The Optometrist and the Dragon #writephoto

Myths of the Mirror

photo compliments of Sue Vincent

A man of science, Irvus the optometrist didn’t believe in enchantment. But a dare was a dare, and he wasn’t about to cede his convictions to a bunch of old-timers at the Pickled Sow. It was the 5th century, for Heaven’s Sake. The last known dragon had gone extinct a hundred years ago.

The climb up the scree to the cave was steeper than it appeared from a distance. His borrowed twin-bladed battle-ax weighed a ton, and if the rusted iron weren’t strapped to his back, he would have abandoned it on the dirt track below. Sweat dripped into his eyes and plastered his hair to his scalp. He renewed his determination to begin exercising, again… maybe.

Then he saw the old skull.

His boot crunched on a human spine twisted like a skeletal snake. Farther up, a rubble of sun-bleached bones littered the loose…

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This week in science history: The “Wizard of Schenectady” is born

Penney Vanderbilt and KC Jones: All About Railroads

Einstein’s pal Charles Proteus Steinmetz transformed the electric power industry. Jeff Glorfeld reports.

He was called the Wizard of Schenectady, and counted as friends Albert Einstein, Nikola Tesla and Thomas Edison. He stood little more than 120 centimetres tall, his body contorted by a hump caused by a congenital deformity known as abnormal kyphosis, an extreme curvature of the upper spine. He was one of the greatest mathematicians and electrical engineers of his time, whose discoveries continue to resonate today.

Charles Proteus Steinmetz was born Karl August Rudolph Steinmetz on April 9, 1865. He Americanised his name when he emigrated to the United States in 1889. He chose Proteus as his middle name, derived from a nickname bestowed him in Germany.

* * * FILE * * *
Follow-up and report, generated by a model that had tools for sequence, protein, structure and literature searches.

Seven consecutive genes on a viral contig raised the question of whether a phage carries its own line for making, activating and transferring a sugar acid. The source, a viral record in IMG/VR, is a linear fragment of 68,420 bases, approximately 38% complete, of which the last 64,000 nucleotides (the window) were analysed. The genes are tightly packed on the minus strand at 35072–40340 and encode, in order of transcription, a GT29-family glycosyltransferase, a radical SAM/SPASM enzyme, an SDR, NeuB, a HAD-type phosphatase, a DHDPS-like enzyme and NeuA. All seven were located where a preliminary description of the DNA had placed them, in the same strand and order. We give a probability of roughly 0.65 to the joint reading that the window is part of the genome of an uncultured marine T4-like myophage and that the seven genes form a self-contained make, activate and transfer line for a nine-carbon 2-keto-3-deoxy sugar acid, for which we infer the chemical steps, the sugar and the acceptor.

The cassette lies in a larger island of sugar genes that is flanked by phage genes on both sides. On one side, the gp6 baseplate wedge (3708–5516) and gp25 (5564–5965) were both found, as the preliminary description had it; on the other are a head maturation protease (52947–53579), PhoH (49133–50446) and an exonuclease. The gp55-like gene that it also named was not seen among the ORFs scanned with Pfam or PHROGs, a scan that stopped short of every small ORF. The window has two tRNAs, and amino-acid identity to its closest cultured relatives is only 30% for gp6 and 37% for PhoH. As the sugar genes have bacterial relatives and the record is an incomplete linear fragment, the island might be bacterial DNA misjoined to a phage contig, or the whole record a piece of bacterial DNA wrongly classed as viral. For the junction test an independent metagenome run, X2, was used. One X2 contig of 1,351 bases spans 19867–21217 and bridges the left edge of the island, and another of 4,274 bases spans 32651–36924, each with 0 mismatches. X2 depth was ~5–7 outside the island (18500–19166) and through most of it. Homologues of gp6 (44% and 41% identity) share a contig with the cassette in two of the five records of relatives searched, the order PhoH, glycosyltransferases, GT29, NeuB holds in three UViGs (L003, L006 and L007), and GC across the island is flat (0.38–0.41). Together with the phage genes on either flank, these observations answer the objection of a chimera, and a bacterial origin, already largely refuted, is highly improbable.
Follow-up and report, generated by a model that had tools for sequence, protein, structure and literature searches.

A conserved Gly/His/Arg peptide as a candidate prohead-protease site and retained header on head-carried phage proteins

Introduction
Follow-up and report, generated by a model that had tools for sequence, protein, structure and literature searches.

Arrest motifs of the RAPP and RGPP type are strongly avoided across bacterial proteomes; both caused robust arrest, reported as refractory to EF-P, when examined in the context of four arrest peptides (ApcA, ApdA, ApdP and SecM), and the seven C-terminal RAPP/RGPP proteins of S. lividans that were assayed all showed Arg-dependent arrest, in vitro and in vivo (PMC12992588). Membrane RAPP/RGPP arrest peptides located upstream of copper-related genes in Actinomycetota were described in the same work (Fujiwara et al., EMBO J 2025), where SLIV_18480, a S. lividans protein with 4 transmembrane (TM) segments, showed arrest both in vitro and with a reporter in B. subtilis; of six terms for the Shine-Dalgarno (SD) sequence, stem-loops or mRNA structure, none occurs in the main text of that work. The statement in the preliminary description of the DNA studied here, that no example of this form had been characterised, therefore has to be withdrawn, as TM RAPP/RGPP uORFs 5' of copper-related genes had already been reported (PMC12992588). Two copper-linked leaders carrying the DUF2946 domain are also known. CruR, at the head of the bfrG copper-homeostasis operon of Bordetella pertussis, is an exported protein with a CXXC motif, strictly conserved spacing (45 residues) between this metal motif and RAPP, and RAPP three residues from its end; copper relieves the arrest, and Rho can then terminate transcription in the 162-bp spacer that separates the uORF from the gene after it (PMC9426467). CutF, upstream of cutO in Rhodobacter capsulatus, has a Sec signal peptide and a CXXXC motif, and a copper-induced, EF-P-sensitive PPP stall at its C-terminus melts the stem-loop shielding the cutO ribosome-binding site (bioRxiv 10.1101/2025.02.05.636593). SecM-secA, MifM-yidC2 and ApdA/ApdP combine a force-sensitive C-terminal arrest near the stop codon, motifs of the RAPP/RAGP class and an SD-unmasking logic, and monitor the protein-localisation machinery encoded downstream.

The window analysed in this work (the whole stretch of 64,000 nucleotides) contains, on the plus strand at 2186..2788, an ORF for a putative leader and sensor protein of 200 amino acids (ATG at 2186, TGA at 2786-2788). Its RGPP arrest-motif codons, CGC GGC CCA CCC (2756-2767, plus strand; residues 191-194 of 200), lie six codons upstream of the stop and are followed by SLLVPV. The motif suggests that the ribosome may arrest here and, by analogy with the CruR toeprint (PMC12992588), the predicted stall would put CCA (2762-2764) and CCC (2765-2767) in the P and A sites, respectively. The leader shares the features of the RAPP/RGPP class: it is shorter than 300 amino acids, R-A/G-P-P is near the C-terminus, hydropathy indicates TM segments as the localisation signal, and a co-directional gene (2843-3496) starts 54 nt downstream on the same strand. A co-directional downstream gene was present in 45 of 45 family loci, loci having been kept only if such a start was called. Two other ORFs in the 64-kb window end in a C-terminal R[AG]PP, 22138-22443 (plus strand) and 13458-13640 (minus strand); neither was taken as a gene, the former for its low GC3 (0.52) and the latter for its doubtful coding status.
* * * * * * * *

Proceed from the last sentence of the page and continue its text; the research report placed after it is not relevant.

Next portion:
Steinmetz went to work for a small electrical firm in New York, and his experiments on power losses in the magnetic materials used in machinery led to his first…

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FL9’s in Storage

Penney Vanderbilt and KC Jones: All About Railroads

I read on the Trains magazine web site that Amtrak is considering running Empire Service trains into Grand Central again this summer as work continues at Penn Station. the article stated that Amtrak is considering bringing FL 9s out of storage and refurbishing them for the purpose.

The six FL9 m’s belonging to Conn. Dot have been stored in New Haven since 2009, when they were replaced by newer locomotives. They are painted in the original NH color scheme and were rebuilt extensively in the 90’s. Conn Dot owns them and I believe they will be leased to Amtrak.

The numbers are Conn Dot 2011 ex NH 2038
2014             2041
2016             2044
2024             2058
2026             2007
2027             2015
Hope this answers your question. A lot…

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Current News – Iwo Jima Remembrance

Pacific Paratrooper

Hershel “Woody” Williams, Medal of Honor, Iwo Jima